I didn't see anything misleading about the original story in the Orlando Sentinel. If people decide to put more credence in the shaky source with a lack of details that's on the reader not the contract reporter. If this article is written by a feature writer, that's a completely different scenario.


When I worked at SFMM many years ago (during the height/end of the spending spree that ultimately led to BK), Busch representatives visited the park numerous times with the intent being to check out the park for a potential purchase.

Are we at the point a purchase is imminent? No way. But I have no doubt someone from Six Flags at least explored (or is still exploring...) the option.
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Re: Six Flags Corporate Discussion Thread

Postby Lemur » Thu Nov 08, 2018 7:52 am

larrygator wrote:With the financial difficulties at Zhonghong, there is certainly someone within the Six Flags corporate structure tasked with keeping an eye on SEAS and occasionally puts feelers out to SEAS. There is just as surely someone within the CF corporate structure that does the same.

I didn't see anything misleading about the original story in the Orlando Sentinel. If people decide to put more credence in the shaky source with a lack of details that's on the reader not the contract reporter. If this article is written by a feature writer, that's a completely different scenario.


Zhonghong's stake in Seaworld cost them over $400 million in 2017. They just defaulted on $174 million in bonds. Yeah, doesn't look good for Zhonghong. And yeah, they could raise the cash by selling off all or part of their 22% stake in Seaworld (they could theoretically sell off a quarter of the stake to raise the cash and still maintain control of the board). The issue is ... who is going to buy it? Six Flags' has about $68 mill in cash on hand and another $230 mill or so they can borrow against in a credit facility. Cedar Fair has more - $145 mill or so in cash for investing and another $160 mill or so they can get ahold of by financing it (they have a credit facility, but only for operations, not financing). Even if Zhonghong wants to take a 50% loss in valuation on that stake - which they most likely wouldn't want to do unless absolutely necessary - neither SF or CF is in a position to buy it. I'm sure the management groups of all three parks are in contact though, as that's common industry practice. Portfolio managers routinely check in on companies that are on their watch lists. It could easily be a twice-yearly visit from SF triggered a rumor and some admin ran with it. Stranger things have happened.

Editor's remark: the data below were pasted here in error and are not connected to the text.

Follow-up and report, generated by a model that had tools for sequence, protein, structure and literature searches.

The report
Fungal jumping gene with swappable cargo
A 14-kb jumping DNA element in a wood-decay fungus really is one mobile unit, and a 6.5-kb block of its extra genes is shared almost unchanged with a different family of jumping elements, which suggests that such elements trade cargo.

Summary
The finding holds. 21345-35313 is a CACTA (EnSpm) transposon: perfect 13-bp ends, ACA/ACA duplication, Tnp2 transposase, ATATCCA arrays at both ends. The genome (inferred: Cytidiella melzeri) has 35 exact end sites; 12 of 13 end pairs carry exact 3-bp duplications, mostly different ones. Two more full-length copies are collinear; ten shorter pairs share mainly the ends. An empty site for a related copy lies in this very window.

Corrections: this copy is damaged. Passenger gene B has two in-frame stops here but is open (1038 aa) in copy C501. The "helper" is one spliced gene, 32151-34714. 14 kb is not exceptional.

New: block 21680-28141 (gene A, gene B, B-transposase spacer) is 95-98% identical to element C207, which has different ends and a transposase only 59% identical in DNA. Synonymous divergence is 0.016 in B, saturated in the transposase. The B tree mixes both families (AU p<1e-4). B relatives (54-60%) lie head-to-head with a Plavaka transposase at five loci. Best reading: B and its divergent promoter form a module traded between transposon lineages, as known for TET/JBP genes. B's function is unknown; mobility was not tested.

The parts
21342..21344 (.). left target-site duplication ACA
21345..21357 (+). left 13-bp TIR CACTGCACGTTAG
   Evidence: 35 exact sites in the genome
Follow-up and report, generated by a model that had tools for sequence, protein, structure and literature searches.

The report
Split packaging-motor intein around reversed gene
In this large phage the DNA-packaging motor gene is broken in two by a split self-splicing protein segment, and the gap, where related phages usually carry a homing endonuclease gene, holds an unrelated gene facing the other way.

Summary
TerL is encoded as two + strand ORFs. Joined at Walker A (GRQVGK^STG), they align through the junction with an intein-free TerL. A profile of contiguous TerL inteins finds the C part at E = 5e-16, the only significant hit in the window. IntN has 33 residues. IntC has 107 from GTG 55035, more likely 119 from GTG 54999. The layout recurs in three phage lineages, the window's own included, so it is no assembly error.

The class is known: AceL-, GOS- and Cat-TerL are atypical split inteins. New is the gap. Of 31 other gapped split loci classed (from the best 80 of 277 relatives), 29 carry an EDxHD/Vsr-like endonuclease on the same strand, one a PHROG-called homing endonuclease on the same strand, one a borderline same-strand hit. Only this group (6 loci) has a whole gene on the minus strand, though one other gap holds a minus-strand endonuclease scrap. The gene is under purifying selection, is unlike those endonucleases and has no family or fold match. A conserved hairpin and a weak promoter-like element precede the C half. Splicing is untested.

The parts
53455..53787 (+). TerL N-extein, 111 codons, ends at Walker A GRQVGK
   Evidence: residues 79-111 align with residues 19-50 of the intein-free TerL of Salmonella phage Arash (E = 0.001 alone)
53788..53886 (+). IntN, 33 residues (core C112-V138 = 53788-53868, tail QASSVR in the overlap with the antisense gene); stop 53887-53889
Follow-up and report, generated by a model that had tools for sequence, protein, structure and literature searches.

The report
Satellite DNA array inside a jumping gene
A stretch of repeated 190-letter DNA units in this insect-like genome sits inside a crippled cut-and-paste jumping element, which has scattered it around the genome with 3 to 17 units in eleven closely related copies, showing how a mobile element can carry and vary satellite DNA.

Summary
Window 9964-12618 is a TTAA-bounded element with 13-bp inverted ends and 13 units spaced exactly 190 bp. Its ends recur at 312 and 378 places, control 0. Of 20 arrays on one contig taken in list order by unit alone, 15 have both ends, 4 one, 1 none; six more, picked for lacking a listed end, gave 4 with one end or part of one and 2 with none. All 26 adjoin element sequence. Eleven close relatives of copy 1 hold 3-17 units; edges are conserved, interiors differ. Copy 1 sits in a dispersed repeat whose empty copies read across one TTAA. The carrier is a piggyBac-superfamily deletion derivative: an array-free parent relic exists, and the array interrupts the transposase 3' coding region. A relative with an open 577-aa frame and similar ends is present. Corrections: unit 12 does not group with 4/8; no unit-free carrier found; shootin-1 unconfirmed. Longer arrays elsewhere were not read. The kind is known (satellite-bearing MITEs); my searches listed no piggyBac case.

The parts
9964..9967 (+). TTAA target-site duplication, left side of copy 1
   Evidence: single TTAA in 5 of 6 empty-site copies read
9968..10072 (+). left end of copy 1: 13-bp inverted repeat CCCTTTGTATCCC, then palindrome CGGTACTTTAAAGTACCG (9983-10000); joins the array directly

As for the article, most large papers don't actually employ regular journos other than editors and big-name feature writers. They largely rely on freelancers who get a lot of their information much the same way we do - scraping through internet forums, Facebook groups, reddit subs and other places insiders are wont to post about their jobs. The piece itself is pretty innocuous if not exactly rooted in reality for the reasons listed above, but it's not exactly what the Columbia J-School would label "good journalism" ... or really, "journalism".

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Re: Six Flags Corporate Discussion Thread

Postby DirkFunk » Thu Nov 08, 2018 8:43 am

If Six Flags was wanting to buy SEAS, I don't think it is unreasonable right now that they could find an institutional lender willing to to finance the transaction. They might have to sell off some stuff afterwards (e.g. Aquatica San Diego) but I can't see a situation in which they'd be forced to rely purely on their cash in hand and revolving credit.

Anyways, journalism is dead and signal boosting no-name bloggers is in.

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Re: Six Flags Corporate Discussion Thread

Postby Lemur » Thu Nov 08, 2018 11:26 am

DirkFunk wrote:If Six Flags was wanting to buy SEAS, I don't think it is unreasonable right now that they could find an institutional lender willing to to finance the transaction. They might have to sell off some stuff afterwards (e.g. Aquatica San Diego) but I can't see a situation in which they'd be forced to rely purely on their cash in hand and revolving credit.


You're probably right in that, especially since they voted to double the amount of common stock they can issue in May. And right now isn't a terrible time to borrow, what with the Fed announcing no rate hikes for the next year. I think the issue is still desire to take on those liabilities along with the assets and the debt load. I think every park watcher and person familiar with the industry read that and immediately thought of the SeaWorld of Ohio/Geauga Lake/Worlds of Adventure disaster x 3.